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Inspiration: Plant Therapy


The Horticultural Center at Magee Rehabilitation Hospital eases pain with plants
by Emily Schu

Six stories above 16th and race, an elevator opens to a secluded street complete with a parked car, cobblestone sidewalks, a telephone booth, raised garden beds and potted peppers, tomatoes and pumpkins. At its peak, the rooftop is blooming with life, far from the echoes of car horns and SEPTA bus screeches below. A nurse rolls a patient garden-side and they examine the fruits of this season’s harvest, picking a sample of thyme to smell before heading indoors. Tucked away in the rooftop’s corner, a lush greenhouse stands full of current and future patient projects—tables of budding herbs, orchids and succulents.

This is the Horticultural Therapy Center at the Magee Rehabilitation Hospital. In the mid-’70s, the program was initiated by Linda Ciccantelli, Magee’s first director of horticulture therapy, as a small project in the hospital basement. The plants were first contained in a single light cart—a tall plant stand with shelving units and fluorescent bulbs for growth. Today the program has blossomed into the only horticultural therapy program in Center City with a rooftop greenhouse.

Magee treats patients with a variety of severe conditions—spinal cord injuries, brain injuries, strokes. Many people are bedridden and paralyzed. And it’s the job of the hospital’s horticultural therapist, Jeannette Glennon-Morrissey, to determine which gardening activities and nature crafts are suitable for each patient based on therapeutic and rehabilitative goals.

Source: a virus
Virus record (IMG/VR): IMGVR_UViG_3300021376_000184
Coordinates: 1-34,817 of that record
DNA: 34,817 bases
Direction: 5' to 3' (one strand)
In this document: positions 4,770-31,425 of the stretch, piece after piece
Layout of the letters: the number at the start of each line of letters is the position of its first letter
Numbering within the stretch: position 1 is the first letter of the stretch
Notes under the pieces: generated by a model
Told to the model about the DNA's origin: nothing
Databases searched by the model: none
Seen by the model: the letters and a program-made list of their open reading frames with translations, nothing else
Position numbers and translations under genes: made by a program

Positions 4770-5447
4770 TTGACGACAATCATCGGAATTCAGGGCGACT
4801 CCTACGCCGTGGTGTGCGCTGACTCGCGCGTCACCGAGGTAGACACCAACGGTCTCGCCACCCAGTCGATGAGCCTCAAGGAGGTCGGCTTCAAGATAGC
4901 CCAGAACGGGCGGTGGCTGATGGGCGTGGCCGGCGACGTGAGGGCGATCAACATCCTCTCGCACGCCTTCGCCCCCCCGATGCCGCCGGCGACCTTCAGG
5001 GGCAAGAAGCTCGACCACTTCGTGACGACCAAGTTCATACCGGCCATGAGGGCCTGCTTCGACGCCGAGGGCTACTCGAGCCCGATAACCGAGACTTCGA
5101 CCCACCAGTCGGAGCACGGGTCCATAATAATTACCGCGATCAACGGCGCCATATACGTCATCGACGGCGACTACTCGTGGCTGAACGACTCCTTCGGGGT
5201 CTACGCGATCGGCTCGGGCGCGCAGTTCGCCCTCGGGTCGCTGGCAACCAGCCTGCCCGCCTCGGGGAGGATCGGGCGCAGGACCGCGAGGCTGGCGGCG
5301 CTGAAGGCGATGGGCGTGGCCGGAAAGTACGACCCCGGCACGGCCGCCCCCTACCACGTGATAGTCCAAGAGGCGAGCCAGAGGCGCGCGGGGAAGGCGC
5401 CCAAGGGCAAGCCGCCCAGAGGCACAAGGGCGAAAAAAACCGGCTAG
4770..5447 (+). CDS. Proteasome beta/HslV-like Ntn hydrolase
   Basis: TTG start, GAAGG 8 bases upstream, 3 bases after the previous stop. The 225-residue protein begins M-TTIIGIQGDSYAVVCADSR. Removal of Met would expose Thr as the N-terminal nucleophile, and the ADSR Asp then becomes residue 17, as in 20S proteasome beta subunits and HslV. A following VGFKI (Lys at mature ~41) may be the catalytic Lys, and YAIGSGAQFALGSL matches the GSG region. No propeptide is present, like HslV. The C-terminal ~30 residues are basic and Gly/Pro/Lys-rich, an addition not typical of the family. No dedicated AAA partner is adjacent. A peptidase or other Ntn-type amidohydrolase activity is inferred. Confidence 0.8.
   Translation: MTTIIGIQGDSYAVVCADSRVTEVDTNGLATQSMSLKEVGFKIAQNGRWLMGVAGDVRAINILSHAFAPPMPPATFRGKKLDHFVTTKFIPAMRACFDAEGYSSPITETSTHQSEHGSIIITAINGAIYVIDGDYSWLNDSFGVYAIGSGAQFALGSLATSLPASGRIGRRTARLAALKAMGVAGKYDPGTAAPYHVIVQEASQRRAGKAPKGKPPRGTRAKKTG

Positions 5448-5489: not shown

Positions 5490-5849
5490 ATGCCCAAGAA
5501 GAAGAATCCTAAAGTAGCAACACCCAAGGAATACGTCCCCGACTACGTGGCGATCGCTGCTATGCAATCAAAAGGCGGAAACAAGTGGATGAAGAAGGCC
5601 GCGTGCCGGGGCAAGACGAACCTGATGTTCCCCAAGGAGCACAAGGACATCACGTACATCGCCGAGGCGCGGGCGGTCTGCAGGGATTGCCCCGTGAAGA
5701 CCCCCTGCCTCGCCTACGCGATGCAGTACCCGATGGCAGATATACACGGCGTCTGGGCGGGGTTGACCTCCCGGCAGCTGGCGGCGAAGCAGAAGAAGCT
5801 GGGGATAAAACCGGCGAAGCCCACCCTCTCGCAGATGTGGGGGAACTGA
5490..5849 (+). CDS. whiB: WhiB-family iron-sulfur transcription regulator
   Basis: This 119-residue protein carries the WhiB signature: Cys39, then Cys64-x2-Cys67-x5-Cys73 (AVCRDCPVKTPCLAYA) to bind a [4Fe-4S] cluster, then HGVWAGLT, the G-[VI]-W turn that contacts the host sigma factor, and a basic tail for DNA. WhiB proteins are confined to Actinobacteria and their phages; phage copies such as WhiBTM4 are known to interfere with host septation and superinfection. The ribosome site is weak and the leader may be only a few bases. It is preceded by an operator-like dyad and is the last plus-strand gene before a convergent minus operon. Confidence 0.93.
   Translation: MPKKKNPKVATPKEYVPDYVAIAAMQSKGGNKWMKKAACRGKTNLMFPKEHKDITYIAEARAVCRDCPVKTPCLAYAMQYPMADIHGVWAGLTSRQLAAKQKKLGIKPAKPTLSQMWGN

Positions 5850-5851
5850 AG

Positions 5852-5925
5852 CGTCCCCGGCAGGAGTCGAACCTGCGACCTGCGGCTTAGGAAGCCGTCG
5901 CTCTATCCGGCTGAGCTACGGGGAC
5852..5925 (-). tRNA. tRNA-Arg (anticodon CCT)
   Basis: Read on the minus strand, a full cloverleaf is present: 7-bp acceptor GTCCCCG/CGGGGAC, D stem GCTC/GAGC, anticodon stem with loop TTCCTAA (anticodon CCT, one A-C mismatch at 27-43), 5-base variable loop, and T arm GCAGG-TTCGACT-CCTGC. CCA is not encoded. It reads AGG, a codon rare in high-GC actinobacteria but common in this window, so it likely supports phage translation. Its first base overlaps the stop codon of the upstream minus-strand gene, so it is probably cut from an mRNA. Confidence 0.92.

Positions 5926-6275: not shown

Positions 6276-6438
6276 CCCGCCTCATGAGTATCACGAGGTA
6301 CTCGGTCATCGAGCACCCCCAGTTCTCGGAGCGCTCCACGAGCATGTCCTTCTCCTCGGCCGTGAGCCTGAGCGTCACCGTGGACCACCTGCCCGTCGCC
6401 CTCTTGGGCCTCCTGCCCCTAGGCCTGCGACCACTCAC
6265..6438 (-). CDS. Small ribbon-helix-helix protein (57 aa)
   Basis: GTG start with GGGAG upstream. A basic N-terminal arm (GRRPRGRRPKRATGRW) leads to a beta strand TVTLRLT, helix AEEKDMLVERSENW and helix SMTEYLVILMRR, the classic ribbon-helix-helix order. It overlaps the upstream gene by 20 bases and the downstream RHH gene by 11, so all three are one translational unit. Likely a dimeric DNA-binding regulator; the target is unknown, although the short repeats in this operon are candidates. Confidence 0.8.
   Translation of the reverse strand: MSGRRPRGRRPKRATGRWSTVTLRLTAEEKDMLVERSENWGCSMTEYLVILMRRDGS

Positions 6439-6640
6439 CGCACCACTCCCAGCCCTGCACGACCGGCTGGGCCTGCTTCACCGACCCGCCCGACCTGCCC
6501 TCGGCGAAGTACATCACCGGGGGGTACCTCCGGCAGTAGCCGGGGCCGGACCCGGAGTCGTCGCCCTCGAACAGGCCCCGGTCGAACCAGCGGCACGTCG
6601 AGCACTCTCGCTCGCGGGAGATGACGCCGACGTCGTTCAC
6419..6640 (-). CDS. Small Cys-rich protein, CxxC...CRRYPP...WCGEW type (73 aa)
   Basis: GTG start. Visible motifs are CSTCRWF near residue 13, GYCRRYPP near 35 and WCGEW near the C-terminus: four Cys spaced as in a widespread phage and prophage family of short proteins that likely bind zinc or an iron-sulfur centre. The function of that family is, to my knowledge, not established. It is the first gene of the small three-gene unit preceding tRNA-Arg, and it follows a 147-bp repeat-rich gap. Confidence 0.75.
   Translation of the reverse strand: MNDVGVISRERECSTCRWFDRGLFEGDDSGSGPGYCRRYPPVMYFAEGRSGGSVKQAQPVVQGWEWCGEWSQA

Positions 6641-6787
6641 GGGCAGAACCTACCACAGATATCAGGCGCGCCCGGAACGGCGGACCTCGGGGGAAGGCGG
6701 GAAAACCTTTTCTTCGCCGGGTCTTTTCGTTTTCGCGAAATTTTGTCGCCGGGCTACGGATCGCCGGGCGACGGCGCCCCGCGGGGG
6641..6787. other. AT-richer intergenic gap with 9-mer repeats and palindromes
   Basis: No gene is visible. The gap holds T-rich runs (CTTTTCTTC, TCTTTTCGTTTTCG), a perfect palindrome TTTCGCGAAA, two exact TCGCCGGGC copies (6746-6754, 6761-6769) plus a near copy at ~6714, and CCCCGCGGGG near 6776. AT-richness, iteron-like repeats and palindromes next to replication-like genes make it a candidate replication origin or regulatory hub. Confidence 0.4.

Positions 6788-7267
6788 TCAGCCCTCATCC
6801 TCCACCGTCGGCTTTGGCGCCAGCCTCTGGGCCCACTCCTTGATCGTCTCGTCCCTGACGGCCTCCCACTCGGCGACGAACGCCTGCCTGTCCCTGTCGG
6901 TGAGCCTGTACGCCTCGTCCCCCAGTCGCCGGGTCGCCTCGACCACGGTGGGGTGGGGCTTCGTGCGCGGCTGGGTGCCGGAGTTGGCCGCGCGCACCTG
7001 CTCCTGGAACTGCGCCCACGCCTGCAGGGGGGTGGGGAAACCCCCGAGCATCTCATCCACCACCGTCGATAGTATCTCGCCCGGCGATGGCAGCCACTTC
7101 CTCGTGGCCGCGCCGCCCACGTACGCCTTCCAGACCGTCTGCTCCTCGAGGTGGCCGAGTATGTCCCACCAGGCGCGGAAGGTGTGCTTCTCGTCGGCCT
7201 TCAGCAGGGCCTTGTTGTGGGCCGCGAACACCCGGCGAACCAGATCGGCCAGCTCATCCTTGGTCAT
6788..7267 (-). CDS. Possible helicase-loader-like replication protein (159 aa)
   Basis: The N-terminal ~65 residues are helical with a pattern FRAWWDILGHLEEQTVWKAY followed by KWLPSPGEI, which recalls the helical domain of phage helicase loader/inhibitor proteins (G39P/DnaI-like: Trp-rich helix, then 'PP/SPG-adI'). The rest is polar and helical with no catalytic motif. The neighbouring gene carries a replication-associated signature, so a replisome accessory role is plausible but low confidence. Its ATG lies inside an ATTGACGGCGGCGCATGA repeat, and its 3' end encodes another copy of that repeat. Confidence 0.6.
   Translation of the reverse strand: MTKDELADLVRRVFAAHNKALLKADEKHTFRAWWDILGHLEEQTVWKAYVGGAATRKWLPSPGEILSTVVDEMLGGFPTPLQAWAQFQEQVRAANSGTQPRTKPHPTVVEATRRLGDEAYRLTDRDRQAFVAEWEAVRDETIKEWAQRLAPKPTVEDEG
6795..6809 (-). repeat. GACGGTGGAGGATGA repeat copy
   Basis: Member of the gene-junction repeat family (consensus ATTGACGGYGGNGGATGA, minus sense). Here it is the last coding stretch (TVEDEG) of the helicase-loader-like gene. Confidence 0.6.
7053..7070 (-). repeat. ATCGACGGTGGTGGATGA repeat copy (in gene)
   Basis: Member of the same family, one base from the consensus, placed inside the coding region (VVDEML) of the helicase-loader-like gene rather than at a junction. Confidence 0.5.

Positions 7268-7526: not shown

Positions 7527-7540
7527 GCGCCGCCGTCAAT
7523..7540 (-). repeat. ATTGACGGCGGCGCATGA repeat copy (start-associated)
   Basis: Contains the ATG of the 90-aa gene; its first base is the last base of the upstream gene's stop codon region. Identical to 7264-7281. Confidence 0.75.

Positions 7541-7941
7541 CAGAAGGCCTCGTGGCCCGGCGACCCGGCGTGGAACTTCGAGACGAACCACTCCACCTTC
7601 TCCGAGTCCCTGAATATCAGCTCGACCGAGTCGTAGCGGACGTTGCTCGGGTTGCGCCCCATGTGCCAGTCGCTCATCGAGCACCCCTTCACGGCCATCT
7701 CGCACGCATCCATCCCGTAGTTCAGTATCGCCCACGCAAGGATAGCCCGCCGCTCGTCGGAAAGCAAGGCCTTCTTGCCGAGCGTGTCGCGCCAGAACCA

“With brain injuries and strokes, you’re trying to work on attention and recall of steps, so I might do plant propagation,” says Glennon-Morrissey. “Other activities might be geared towards increasing strength and range of motion.”

Without a doubt, there’s an activity for everyone. “I’ve done everything from flower arranging [and] plant propagation to making garden stones,” she adds. But the list continues. Up in the sixth floor greenhouse, bottles of herbal vinegar line the table. Under a light tray, individual containers of herbal seedlings begin to sprout. Along the side, Glennon-Morrissey reveals her bin for worm composting and a net for soon-to-arrive monarch caterpillars.
Today’s activity is plant propagation. Glennon-Morrissey takes out all the usual supplies for gardening—trowels, pruners, a cart of potting soil and pots of mint creeper, coleus and citronella—with one unusual addition. A tray of handcuffs is placed in the mix, used to support patients as they hold pruners and shovels to build back their upper arm strength. A group of wheelchair-bound patients gather around cloth-covered tables in the hospital’s gymnasium.
“A lot of times when people are busy doing gardening, they forget all about the pain,” one nurse says to an older woman, who just barely opens her eyes in response.

And yet, an hour later, dirt covers the cloth liners, patients are busy planting their second or third plant, and the same woman can’t decide between the green or blue stones to use to embellish her mint creeper.

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